Configure your Ubuntu Server as a DHCP server

Jack Wallen
Sep 7, 2009
Updated • Nov 28, 2012

In my recent Ubuntu Server articles I have covered the following topics:

Installing Ubuntu Server 9.04

Set up your new Ubuntu Server as a Samba server

Add FTP service to your Ubuntu Server

Now it's time to get a bit deeper in the trenches by configuring that same Ubuntu server to serve up DHCP addresses. You might think this is a difficult setup, but it's not. And many might be asking "Why do this when my router does the trick?" Most routers do a good job of serving up DHCP addresses. But there are times when those routers aren't as configurable as we'd like them. Or maybe you want your DHCP server/router to also act as a much stronger firewall than what a standard router can handle. In these cases it's nice to be able to set up your own DHCP server. And in this article, we will do just that.

Nuts and bolts

The information you should know about the DHCP server in this article looks like this (for examples' sake):

  • ethernet device: eth0
  • IP Address range: -
  • Subnet address:
  • Netmask:
  • DNS Servers: and (OpenDNS for those who do not know)
  • Domain:
  • Gateway Address:
  • Broadcast Address:

What you will need to do install the dhcp3-server package in order to serve up the addresses. To install this issue the command:

sudo apt-get install dhcp3-server

You will need to enter your sudo password for the installation to begin. When the installation is complete you will have the configuration file (dhcp3-server) located in /etc/default/ and the executable command (dhcp3-server) will be located in /etc/init.d/.

Before you fire up the server you first must handle some configuration.


The first configuration is to set the ethernet device. Open up the configuration file with the command:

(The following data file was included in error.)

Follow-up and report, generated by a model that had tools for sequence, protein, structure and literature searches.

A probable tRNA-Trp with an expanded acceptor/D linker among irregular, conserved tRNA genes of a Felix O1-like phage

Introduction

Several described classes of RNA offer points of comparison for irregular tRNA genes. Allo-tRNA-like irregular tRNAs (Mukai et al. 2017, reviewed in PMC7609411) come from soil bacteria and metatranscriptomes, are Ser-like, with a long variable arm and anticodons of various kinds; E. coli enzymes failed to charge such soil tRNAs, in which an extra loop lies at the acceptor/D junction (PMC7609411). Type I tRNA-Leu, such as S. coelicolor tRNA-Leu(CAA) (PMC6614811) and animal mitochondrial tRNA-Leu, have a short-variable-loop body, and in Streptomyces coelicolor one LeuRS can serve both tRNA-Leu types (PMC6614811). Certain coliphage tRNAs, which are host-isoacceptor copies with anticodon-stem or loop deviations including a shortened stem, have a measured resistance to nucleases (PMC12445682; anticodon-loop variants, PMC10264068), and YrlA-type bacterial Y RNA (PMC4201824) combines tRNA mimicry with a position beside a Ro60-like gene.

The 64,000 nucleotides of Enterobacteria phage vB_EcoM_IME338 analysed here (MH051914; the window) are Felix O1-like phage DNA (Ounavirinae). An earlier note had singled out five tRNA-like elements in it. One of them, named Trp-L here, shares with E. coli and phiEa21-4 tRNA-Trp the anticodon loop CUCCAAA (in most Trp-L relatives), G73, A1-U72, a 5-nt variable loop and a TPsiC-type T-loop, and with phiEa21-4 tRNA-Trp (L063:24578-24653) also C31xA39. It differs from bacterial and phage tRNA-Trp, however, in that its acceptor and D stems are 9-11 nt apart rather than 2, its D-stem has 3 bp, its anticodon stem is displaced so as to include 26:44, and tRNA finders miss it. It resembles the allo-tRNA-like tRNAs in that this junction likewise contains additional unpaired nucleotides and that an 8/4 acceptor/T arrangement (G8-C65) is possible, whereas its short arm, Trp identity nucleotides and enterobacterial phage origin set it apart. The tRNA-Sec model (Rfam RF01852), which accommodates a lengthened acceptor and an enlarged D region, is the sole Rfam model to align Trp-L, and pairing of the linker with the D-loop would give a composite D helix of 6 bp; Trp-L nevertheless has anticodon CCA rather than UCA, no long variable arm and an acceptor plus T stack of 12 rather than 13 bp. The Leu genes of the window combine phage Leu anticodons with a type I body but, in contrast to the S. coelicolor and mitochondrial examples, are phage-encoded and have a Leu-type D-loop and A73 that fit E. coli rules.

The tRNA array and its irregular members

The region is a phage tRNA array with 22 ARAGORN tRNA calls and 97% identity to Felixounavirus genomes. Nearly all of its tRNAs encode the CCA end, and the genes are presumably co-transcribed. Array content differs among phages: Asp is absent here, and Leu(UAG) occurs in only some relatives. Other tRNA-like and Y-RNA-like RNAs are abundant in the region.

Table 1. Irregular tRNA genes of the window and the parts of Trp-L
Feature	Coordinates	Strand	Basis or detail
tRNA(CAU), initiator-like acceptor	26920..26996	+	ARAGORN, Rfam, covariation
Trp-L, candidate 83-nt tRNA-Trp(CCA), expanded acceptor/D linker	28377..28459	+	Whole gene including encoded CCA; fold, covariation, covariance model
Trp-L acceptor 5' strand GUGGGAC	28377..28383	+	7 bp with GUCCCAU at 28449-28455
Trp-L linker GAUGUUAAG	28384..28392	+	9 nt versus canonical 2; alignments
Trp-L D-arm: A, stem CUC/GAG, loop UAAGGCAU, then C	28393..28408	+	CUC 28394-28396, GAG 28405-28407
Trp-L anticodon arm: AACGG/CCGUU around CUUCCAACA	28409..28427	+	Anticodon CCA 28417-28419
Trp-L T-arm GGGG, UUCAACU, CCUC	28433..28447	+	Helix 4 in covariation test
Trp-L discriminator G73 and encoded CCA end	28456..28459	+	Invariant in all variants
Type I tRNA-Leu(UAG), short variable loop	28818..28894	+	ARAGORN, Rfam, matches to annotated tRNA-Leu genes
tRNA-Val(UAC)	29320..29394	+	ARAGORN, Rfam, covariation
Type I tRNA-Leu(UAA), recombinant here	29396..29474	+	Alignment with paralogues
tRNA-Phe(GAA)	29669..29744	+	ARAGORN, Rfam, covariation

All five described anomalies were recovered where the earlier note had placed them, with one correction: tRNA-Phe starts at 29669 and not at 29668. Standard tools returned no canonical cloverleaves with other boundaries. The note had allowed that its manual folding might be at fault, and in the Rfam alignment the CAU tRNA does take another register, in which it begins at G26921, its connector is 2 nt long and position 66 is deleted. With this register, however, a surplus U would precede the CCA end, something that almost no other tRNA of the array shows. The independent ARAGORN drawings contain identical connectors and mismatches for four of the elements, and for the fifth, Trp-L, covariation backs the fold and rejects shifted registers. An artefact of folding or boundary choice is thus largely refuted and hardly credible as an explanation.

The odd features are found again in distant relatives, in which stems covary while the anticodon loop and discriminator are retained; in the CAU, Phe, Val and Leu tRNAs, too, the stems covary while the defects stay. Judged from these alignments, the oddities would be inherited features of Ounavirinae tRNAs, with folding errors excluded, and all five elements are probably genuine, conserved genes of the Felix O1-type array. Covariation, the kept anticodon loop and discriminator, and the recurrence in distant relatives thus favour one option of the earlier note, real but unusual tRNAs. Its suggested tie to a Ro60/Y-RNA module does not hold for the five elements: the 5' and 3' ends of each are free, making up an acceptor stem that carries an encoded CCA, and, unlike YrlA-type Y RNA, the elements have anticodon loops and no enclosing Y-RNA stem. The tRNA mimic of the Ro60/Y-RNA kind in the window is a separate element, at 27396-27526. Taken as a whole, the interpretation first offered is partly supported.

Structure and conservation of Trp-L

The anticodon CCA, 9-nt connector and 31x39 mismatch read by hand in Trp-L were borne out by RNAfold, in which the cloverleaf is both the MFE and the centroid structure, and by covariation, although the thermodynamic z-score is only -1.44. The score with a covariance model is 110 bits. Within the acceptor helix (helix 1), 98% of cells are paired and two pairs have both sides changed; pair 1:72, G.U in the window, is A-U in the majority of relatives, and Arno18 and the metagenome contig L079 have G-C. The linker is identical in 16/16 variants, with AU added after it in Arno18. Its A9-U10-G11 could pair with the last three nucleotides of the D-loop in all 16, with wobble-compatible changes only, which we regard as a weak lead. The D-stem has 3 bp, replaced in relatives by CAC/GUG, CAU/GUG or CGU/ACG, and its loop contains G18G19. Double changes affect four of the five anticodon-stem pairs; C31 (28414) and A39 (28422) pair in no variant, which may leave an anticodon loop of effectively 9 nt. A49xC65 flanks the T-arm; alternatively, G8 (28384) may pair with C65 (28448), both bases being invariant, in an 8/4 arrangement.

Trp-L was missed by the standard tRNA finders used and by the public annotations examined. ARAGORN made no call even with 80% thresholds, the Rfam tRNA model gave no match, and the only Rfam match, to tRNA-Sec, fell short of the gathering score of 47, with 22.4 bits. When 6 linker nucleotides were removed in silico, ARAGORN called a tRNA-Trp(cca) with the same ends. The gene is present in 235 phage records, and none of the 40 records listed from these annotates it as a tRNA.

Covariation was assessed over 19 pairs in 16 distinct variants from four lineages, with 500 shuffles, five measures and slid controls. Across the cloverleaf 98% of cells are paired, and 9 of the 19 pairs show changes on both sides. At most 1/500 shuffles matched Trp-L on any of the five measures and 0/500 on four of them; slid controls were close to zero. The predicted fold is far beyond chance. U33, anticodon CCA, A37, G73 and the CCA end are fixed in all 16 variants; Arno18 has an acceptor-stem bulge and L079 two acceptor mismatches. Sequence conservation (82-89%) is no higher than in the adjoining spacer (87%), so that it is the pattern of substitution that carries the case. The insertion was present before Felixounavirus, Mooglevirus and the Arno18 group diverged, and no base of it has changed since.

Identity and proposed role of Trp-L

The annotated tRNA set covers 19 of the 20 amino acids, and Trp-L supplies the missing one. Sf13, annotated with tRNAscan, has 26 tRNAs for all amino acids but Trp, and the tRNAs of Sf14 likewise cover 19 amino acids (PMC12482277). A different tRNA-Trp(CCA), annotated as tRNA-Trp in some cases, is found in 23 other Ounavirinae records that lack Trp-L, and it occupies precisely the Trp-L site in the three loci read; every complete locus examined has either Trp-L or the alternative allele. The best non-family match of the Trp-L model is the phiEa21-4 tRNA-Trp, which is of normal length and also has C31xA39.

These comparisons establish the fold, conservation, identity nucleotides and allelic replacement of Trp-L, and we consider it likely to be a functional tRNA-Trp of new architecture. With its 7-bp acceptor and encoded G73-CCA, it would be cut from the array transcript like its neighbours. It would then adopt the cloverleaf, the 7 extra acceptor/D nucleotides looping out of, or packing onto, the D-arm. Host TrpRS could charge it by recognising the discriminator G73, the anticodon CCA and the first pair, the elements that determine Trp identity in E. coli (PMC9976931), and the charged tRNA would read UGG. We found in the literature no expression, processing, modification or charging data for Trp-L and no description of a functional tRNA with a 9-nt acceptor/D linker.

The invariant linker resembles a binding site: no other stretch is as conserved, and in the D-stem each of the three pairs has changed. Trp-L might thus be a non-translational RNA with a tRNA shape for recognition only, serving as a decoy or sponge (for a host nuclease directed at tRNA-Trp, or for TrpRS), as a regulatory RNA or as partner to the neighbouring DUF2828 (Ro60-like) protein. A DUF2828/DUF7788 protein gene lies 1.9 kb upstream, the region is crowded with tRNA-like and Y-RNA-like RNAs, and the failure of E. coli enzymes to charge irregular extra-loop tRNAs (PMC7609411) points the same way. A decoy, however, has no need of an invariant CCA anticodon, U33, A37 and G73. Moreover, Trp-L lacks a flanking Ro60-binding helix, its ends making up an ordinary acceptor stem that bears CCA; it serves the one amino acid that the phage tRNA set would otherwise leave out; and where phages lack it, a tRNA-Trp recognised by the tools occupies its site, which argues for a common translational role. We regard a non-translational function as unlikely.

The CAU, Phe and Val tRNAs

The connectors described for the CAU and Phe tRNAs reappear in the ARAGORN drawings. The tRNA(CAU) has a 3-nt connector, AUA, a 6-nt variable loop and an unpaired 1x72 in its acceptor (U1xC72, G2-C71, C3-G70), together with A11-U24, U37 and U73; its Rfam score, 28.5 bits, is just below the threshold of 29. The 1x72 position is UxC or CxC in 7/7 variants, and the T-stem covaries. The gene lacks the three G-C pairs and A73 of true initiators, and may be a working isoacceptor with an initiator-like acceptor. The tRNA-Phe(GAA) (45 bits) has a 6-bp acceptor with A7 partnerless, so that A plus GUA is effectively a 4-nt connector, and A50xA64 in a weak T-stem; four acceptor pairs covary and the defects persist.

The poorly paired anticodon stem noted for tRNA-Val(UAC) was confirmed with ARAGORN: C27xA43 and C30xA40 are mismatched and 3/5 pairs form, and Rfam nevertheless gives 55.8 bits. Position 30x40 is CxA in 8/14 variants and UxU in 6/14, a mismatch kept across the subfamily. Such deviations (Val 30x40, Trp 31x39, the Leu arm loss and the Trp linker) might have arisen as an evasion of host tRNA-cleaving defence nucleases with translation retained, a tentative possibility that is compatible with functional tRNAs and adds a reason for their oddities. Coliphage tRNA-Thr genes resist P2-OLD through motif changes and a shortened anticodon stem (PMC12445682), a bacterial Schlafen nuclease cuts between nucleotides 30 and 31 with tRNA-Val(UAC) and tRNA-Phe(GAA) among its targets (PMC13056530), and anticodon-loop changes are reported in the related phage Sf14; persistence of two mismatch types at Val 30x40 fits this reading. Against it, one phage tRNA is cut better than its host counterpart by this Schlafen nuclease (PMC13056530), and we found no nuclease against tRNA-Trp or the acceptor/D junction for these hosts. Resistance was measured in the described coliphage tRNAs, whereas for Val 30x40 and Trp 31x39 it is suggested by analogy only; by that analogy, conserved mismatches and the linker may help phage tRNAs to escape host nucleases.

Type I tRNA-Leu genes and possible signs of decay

nano /etc/default/dhcp3-server

On line 11 of this file (Which is actually the last line because this file is basically empty) you will see the line:


Change this line to read:


You are finished with this file. Save the file and then open up the file /etc/dhcp3/dhcpd.conf. The first line you will need to edit is line 16. This line will look like this:
# option definitions common to all supported networks...
option domain-name "";
option domain-name-servers,;

default-lease-time 600;
max-lease-time 7200;

You need to comment out all of those lines so they look like:
# option definitions common to all supported networks...
#option domain-name "";
#option domain-name-servers,;

#default-lease-time 600;
#max-lease-time 7200;

Now go down to line 53. Here you will see this section:
# A slightly different configuration for an internal subnet.
#subnet netmask {
# range;
# option domain-name-servers;
# option domain-name "";
# option routers;
# option broadcast-address;
# default-lease-time 600;
# max-lease-time 7200;

This section needs to be uncommented out and edited to reflect this:
# A slightly different configuration for an internal subnet.
subnet netmask {
option domain-name-servers,;
option domain-name "";
option routers;
option broadcast-address;
default-lease-time 600;
max-lease-time 7200;

Save this file and you are ready to fire up your DHCP server.

Starting the service

To start the DHCP server issue the command:

/etc/init.d/dhcp3-server start

You should see no errors. Once your server is up and running go to one of your machines and restart the networking. You should get a new IP address as well as the DNS addresses configured. If your machine does not find the server you may have to configure the DHCP server IP address. This should not be necessary, but it's good to know in a pinch.

Final thoughts

You probably didn't realize how simple it would be to set up a DHCP server did you? Now you know. This set up should make for a very reliable DHCP server for your internal network.